To summarize how they try to maintain this fiction:

Including tax credits and incentives as income that will continue indefinitely

Assuming a much longer lifetime for windmills than actually exists.

Including a nonexistent “carbon tax” (it was not passed) applying to Coal and Natural Gas.

Assuming an unrealistically high usage rate. (35-38 % instead of 31%)

Payments to Wind utilities for generation that they could have done, but did not because of low demand.

But, they still can’t manage to make up enough excuses to say they can compete with Natural Gas.

Just in Terms of Raw Materials, Wind Loses (Big Time) to Natural Gas

Wind uses 153 times as much steel per unit energy generated and 32 times as much concrete [Green Energy Revolution Folly].  Do the numbers cited by Big Wind include the cost in labor and “carbon” in the fossil energy used to production of those resources?  Greens are very quick to say “leave it in the ground” when it comes to Petroleum or Coal.  Wind uses grotesquely large amounts of steel and concrete for the amount of energy produced.  News for Greens: Both of those also come out of the ground!  And they are mined, refined and transported by Petroleum and Coal!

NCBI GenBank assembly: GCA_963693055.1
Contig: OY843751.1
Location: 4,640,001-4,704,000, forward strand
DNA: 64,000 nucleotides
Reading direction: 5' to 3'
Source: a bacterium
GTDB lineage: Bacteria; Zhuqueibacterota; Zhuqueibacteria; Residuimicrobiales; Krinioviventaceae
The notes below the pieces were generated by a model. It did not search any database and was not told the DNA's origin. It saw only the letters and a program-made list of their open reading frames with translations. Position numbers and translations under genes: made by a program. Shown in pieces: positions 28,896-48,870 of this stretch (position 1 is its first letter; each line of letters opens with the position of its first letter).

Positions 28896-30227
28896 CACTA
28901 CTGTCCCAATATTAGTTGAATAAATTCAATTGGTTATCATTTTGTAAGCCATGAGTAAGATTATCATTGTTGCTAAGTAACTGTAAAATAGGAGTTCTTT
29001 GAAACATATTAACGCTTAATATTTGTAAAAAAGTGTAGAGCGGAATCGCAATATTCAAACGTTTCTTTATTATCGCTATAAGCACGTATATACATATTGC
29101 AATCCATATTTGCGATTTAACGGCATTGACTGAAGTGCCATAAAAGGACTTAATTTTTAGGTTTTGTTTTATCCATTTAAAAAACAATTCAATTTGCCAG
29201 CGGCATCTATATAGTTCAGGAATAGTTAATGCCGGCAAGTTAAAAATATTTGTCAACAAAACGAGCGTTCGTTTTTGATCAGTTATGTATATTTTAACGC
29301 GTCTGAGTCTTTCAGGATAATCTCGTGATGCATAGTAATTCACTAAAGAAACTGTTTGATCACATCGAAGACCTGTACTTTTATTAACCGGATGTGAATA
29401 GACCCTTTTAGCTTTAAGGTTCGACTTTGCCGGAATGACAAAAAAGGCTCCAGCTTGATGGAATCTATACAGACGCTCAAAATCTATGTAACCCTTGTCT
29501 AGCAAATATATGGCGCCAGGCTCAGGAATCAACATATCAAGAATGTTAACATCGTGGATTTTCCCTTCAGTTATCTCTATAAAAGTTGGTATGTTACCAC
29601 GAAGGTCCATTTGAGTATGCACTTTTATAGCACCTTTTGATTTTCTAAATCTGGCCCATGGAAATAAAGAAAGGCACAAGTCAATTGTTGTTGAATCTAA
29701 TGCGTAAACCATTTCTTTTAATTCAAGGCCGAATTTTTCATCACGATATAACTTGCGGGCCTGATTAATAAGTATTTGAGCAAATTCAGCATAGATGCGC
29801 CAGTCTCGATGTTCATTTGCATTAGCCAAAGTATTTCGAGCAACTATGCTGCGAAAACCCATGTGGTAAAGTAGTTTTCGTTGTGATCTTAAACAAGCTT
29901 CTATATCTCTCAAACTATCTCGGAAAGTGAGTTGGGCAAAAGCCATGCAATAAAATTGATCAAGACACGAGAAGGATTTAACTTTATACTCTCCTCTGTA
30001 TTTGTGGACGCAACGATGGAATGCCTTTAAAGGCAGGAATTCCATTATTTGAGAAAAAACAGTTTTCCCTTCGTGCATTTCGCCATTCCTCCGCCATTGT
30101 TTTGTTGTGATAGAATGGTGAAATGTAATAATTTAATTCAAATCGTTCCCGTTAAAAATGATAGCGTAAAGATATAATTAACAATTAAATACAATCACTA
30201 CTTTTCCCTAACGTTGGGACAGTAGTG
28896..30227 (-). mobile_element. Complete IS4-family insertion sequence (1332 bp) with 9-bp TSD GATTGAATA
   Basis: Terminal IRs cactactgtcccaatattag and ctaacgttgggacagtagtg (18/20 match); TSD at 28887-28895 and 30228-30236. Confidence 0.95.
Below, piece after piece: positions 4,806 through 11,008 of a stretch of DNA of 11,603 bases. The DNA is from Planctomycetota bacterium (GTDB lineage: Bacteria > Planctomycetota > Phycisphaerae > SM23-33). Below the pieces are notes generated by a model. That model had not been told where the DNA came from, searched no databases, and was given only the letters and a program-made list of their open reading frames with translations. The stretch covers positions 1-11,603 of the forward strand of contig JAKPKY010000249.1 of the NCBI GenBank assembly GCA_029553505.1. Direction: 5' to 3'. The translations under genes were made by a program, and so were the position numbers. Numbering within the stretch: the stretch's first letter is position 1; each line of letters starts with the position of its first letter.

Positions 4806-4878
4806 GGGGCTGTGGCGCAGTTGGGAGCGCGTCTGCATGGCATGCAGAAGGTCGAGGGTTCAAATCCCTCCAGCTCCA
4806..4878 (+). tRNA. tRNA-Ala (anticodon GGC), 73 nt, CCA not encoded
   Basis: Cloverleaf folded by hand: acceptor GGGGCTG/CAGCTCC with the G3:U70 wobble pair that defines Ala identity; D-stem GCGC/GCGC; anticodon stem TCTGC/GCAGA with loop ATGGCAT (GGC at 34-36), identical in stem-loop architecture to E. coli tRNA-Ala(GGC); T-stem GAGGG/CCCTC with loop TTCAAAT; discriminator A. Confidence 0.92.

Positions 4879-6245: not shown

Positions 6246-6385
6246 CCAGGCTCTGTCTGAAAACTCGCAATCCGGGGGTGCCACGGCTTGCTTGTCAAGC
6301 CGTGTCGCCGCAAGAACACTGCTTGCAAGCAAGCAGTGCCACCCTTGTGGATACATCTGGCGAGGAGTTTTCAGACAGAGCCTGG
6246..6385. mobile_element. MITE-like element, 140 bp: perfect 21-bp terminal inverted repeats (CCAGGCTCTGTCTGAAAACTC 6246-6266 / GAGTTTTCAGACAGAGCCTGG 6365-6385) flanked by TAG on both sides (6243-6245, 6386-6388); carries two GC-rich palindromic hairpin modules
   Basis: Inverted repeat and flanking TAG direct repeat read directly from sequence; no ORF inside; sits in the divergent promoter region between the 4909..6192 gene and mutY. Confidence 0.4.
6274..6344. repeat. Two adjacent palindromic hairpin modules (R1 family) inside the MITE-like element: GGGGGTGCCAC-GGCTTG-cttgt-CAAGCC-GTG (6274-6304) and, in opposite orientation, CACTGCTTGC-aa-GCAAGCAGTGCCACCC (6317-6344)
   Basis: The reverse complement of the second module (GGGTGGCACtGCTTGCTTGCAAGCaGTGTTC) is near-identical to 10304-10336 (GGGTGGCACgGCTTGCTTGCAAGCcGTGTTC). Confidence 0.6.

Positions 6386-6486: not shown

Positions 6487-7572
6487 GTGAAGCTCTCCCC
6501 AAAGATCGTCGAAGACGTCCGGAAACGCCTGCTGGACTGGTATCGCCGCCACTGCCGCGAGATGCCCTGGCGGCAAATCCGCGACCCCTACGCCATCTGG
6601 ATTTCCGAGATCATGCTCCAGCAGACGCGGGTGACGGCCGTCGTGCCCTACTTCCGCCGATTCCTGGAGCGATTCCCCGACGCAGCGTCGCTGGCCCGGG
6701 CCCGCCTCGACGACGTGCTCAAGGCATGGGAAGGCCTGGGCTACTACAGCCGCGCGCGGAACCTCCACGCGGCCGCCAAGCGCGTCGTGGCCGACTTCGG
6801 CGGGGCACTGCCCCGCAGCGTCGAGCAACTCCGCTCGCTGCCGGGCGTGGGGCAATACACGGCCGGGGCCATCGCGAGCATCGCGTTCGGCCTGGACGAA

Bird and Bat Carnage

The Spanish Ornithological Society (birdwatchers) reviewed actual carcass counts   in 136 monitoring studies (2012).  Those results indicate that Spain’s 18,000 windmills are killing six to ten million birds and bats* per year. Swedish and German studies confirm that. [3]

I have extrapolated to the updated (2016) DOE statistics.  The 77,000 wind turbines currently operating in the US may be responsible for 27 to 42 million birds and bats killed per year.  — SC